Figs: It creates a cycle between us. And I'm not saying that the way and so- there are two different things, look, I think it's better that our kids grew up with a different, a different relationship to food that I had, like, you know, one of my memories or food as a kid is, you know, it's probably the same kind of as the Depression era stuff like, you know, small farmer like inner city, like where my parents are from. Like, I would be told as a kid, you see that Saltsman, the potatoes, when you're a man, you'll be able to eat all of those potatoes. Like so, you know, eating everything, and eating a lot, eating a lot was really a sign of like, your God. And so I don't know, I don't think my relationship to food is something I want my kids to take. And even though I think you have a, it's a good idea, I think some- for sometimes I get in the cycle because I feel hurt when I feel corrected in front of the kids by you or yeah, it's more about what's a relational piece between you and I versus a philosophical piece.
Teale: Well, that makes sense.
Therapist: That makes a lot of sense, Figs, that's vulnerable, appreciate that vulnerability. I mean, stereotypically, it's not always the case. The moms, they carry the child, they breastfeed the child, they have a heck of a lot more motivation to be attuned with all of this kind of stuff and learn about it. Then they're the expert.
Figs: Exactly. Yeah, I know. I'm, by the way, absolutely Teale’s again, to your point you've done you've listened more, you've read more, you are the expert.
Teale: Well, I'm also a big sister like I've had, I had three little brothers growing up.
Figs: You’ve had so much more experience than I do.
Teale: I came into rearing children just being like, I've done this, I've done this a bunch of times, I had brothers that are 10 and 11 years younger than me. So is it like a primary childcare person for each of them, one of them in particular. But anyway, getting back to the reality is, I think you have, and had a natural way with our children and with children in general, it's one of the things I fell in love with you about animals and children, this man is wonderful. And what I hear right now, that makes sense and that's something that I can be, I think the thing is, I can feel out, out of power disempowered, around, enacting change, and I just get really critical but what you're helping me understand right now and see if you can let me know if I get it right. It's just the feeling criticized or feeling corrected.
Teale: She, they, or kind of like, micromanaged in front of our kids.
Teale: It is really uncomfortable.
Figs: Yeah, it just hurt. But listen, the main thing, I just feel really bad, like I again, I feel my inadequacies, as a human being and them affecting our kids. It's just like, the worst feeling.
Figs: You have to weigh them against all the positives that you know.
Figs: It's true, it's no, absolutely, but you know, I'm glad to look at them, and I want to use it and like you said, like, you know, like you said before, like not to get weighed down by feeling bad about yourself, but by taking in the, like, what's the feedback that it's worth taking in to change, right? And I look, I I'm not gonna get weighed down, like grit, but I do I, I want to just like, I feel like we've been, I've been talking about this on the very surface level, because part of me is really scared of really disclosing and being in touch with the way I'm a bad parent. And again, I'm not just a bad, I'm a good parent, like I'm many things, but it's hard to really, really sit and like there are ways I fail our children. Now again, I'm, I feel good about that I'm actually, I'm a good repairer, but even if I fuck up, like I I'm able to repair but of course, it's still nuts, not I want to fuck up as a parent less and less and less, you know, I really want to do it.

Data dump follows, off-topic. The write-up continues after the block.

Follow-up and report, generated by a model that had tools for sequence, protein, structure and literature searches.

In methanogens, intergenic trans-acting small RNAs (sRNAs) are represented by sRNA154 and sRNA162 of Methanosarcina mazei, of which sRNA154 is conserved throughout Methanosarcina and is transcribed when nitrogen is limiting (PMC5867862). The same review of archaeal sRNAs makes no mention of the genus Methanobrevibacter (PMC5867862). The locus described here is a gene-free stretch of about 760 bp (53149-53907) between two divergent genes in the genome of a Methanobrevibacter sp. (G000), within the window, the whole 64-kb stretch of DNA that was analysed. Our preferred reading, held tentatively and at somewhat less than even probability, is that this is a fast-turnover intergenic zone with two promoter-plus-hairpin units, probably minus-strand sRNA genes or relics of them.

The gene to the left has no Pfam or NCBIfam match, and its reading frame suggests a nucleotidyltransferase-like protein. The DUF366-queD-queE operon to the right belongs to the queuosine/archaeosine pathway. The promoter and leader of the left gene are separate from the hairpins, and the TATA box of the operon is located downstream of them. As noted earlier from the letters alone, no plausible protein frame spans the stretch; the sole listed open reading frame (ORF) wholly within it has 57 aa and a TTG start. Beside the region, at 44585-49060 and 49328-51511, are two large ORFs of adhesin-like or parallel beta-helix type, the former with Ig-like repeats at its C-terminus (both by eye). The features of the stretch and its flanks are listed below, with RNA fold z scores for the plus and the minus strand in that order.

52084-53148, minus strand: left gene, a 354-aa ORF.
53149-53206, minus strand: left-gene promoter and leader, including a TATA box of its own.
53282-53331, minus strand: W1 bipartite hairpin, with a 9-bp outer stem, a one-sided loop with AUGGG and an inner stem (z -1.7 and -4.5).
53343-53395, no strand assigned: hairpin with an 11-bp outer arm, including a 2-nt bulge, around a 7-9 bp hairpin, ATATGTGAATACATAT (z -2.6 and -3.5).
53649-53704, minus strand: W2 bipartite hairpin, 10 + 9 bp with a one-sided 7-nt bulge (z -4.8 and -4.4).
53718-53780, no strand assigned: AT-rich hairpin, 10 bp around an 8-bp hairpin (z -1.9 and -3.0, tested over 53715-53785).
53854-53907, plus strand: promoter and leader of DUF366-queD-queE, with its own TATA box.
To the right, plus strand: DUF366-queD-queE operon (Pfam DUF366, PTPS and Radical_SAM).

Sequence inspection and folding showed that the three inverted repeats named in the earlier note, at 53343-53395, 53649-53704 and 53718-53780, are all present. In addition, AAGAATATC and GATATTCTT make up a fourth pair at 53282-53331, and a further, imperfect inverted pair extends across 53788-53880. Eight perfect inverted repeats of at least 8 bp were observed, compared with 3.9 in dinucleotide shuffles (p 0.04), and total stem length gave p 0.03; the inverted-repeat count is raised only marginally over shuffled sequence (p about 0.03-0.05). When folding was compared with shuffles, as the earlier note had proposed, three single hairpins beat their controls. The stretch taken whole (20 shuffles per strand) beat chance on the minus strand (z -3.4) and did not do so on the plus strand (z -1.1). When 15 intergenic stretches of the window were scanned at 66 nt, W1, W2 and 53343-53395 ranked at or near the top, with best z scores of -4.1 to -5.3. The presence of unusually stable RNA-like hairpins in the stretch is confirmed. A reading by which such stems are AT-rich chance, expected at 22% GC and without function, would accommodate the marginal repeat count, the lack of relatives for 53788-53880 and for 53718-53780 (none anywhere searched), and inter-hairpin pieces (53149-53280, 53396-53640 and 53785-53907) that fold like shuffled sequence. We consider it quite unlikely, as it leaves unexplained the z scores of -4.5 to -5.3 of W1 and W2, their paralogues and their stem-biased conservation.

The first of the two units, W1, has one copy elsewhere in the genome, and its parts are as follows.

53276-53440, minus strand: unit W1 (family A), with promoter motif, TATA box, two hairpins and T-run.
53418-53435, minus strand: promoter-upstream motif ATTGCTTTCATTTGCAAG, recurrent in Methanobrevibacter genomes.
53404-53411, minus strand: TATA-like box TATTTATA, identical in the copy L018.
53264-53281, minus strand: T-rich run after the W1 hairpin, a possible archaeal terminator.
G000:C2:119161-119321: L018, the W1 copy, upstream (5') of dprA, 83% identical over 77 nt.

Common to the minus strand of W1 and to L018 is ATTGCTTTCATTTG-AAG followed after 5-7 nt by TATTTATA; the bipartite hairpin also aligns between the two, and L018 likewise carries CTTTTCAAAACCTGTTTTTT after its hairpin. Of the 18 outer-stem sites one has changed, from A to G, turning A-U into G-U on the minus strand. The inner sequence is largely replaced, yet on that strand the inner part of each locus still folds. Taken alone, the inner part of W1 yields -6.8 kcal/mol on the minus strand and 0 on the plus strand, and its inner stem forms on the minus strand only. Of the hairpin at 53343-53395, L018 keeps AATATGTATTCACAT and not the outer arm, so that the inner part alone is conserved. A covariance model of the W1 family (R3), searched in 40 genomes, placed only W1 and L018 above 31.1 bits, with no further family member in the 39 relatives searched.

Teale: I think that’s really brave, and I just want to also lead that part of I know, this, for me, it's a grainy feeling in the pit of my stomach where I feel like, I feel totally scared to think about the ways that I have been harsh with Kian, like maybe over the last several months, and all I'm preoccupied with is like “I hope that hasn't really damaged him.”
Teale: And so I know what you're talking about honey, and it makes me feel sick to my stomach thinking about it. And I'm just, it's amazing I am- he gave me a little bit of extra opening love, and he was a little de-escalated, Kian, and I found myself moving towards them with love, and now we're in this positive feedback loop and like, and now we can see it and I'm I'm living with regret, which is like, oh, but I think you know, I love this idea, and I'm not going to go into, it's a parenting technique that people use rubber bands for it in fact, I have one negative interaction with my child, and so I take off all the balloons [laughing] or the rubber bands- balloons are a big theme in our house right now. And so I have to have seven positive interactions to earn back those damn rubber bands, which it's like, and I really feel like it works with our kids, it's like I was shit, and now I'm brilliant, and now I'm brilliant. And now you're looking at me and you're snuggled up, and I just want you to know I'm in it with you. We can talk about my thing with Kian, because I know it affected you.